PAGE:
Merriam-Webster’s dictionary defines Buddhism this way: “a religion of eastern and central Asia growing out of the teaching of Gautama Buddha that suffering is inherent in life and that one can be liberated from it by mental and moral self-purification.”
When good isn't good enough
Many people live good lives, at least outwardly. One of the best-known examples in the past century is Mahatma Gandhi, who grew up in a Hindu family, but later followed his own mixture of Buddhism and Christianity. He was known for his non-violent example and influence for world peace.
Self-denial goes deeper than what is done outwardly—it must go to the core of who we are. How? By surrendering the self-will to the Lord daily, even moment by moment.
[bctt tweet="Self-denial goes deep to the core of who we are, that's why it's hard"]
Jesus shows us how
Jesus shows the way in the Garden of Gethsemane. Though He knows the Father sent Him to die on the cross, He asks the Father if it can be avoided. A spiritual battle ensues and Jesus asks His closest disciples to come pray with Him.
Three times He lays His request before the Father, “My Father, if it be possible, let this cup pass from me; nevertheless, not as I will, but as you will” (Matthew 26:39). Each time Jesus returns from prayer, He finds the disciples asleep.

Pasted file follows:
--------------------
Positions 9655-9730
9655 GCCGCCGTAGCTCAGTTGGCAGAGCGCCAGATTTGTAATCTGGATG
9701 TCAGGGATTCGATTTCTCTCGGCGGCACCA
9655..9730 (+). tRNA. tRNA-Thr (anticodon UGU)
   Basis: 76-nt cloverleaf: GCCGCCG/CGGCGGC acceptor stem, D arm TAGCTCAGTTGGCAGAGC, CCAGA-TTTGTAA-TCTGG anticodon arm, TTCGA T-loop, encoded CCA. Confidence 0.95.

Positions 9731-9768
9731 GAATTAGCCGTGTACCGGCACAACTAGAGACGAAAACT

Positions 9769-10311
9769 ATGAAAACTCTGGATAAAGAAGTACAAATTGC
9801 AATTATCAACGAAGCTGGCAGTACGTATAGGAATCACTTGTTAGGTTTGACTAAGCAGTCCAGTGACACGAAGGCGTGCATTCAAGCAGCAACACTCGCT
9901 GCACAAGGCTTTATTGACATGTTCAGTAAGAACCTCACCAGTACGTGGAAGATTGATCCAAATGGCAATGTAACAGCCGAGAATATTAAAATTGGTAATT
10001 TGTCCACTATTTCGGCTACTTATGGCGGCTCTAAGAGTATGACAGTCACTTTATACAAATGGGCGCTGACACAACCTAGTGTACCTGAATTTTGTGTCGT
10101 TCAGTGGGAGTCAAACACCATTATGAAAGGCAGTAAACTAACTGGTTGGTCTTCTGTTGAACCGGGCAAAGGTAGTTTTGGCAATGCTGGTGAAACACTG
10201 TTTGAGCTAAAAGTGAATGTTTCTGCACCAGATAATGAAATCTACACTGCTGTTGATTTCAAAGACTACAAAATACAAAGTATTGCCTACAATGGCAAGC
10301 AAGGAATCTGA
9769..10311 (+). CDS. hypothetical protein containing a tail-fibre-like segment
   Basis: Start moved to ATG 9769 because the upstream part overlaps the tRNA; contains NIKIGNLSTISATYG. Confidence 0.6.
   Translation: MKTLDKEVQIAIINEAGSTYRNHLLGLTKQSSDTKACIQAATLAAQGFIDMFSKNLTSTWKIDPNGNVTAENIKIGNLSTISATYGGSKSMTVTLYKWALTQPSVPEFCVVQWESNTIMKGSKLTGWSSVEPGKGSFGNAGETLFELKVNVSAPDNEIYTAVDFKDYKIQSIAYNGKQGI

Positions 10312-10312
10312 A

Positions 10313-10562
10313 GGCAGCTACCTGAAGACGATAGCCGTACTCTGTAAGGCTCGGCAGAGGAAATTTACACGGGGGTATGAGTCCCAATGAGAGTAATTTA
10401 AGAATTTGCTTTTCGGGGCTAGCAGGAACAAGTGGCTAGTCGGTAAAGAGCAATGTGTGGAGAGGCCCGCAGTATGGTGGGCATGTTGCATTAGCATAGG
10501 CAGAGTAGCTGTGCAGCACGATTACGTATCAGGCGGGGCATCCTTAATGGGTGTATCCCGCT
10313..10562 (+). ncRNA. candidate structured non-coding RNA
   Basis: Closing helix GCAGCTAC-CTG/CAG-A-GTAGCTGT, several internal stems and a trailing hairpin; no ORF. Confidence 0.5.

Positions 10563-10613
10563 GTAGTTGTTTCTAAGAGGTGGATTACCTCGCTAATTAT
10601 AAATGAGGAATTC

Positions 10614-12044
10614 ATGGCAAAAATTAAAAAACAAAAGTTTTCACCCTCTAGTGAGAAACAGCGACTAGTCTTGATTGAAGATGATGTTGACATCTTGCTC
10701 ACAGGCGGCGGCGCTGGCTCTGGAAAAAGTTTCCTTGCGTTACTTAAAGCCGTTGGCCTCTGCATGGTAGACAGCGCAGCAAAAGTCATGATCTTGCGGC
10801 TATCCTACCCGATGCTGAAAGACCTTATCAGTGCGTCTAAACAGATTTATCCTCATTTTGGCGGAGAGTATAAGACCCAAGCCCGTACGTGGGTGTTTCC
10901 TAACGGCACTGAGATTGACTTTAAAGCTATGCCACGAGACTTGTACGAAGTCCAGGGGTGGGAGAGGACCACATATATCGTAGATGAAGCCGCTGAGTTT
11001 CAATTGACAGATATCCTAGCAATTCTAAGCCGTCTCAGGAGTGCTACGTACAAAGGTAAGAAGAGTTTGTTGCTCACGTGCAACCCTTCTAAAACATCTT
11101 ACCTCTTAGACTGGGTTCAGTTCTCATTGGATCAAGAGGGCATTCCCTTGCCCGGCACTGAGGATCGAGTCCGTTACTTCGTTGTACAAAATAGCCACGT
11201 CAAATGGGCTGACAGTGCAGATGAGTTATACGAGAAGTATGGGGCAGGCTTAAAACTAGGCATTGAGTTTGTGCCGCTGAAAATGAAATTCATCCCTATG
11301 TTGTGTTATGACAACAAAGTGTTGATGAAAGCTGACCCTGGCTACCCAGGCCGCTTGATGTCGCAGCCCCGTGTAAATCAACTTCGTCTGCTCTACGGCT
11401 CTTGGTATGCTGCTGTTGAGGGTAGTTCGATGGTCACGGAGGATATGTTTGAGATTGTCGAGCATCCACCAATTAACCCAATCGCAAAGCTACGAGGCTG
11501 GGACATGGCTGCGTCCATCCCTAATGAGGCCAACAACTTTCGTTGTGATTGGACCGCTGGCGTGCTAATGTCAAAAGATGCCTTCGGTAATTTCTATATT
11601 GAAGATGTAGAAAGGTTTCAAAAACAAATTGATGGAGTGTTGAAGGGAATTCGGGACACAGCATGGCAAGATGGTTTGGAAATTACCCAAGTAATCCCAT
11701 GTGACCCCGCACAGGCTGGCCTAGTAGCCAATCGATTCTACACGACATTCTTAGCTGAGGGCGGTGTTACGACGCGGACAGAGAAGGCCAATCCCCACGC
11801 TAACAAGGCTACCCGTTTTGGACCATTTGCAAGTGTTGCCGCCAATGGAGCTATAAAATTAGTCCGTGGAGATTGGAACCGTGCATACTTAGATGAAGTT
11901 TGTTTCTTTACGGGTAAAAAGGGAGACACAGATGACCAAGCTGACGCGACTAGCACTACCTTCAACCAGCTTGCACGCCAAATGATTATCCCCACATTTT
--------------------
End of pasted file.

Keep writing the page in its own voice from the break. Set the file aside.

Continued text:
At one point Jesus admonishes them, “Watch and pray that you may not enter into temptation. The spirit indeed is willing, but the flesh is weak.” (Matthew 26:41). Another version says, ”Keep alert and pray. Otherwise temptation will overpower you. For though the spirit is willing enough, the body is weak!" (NLT).
Why it's not so easy
This speaks to the heart of the matter. What we may intend and want to do is difficult because of our natural weakness—the weakness of self. Our natural disposition is to put self first above all else and everyone else.
Our physical body and its desires are powerful, but they make us weak spiritually.
[bctt tweet="Our physical body and its desires are powerful, but they make us weak spiritually"]
This is why Jesus calls each believer to follow Him with a personal call—to surrender our free will to Him, and put Him first in our lives.
It is a call to set aside selfishness, self-centeredness, and self-fulfillment. It involves no striving, only abandonment and surrender to Jesus and His will.
Impossible, and yet doable
This is difficult. No, impossible without God’s help and His power at work in us internally.
When we surrender to Jesus it becomes an amazing testimony to the power of God. It captures the attention of people, and brings lasting change to the world.
Real change in the world only comes when people are changed within their hearts. Only Jesus does this. But He chooses to do it through true self-denial—choosing to trust in Jesus implicitly, and dying to a life fixated on this world.
[bctt tweet="Real change in the world only comes when people are changed within their hearts"]
What is your greatest internal challenge to surrendering to Jesus?
To learn more about Jesus and the gospel, get a copy of my book– The Mystery of the Gospel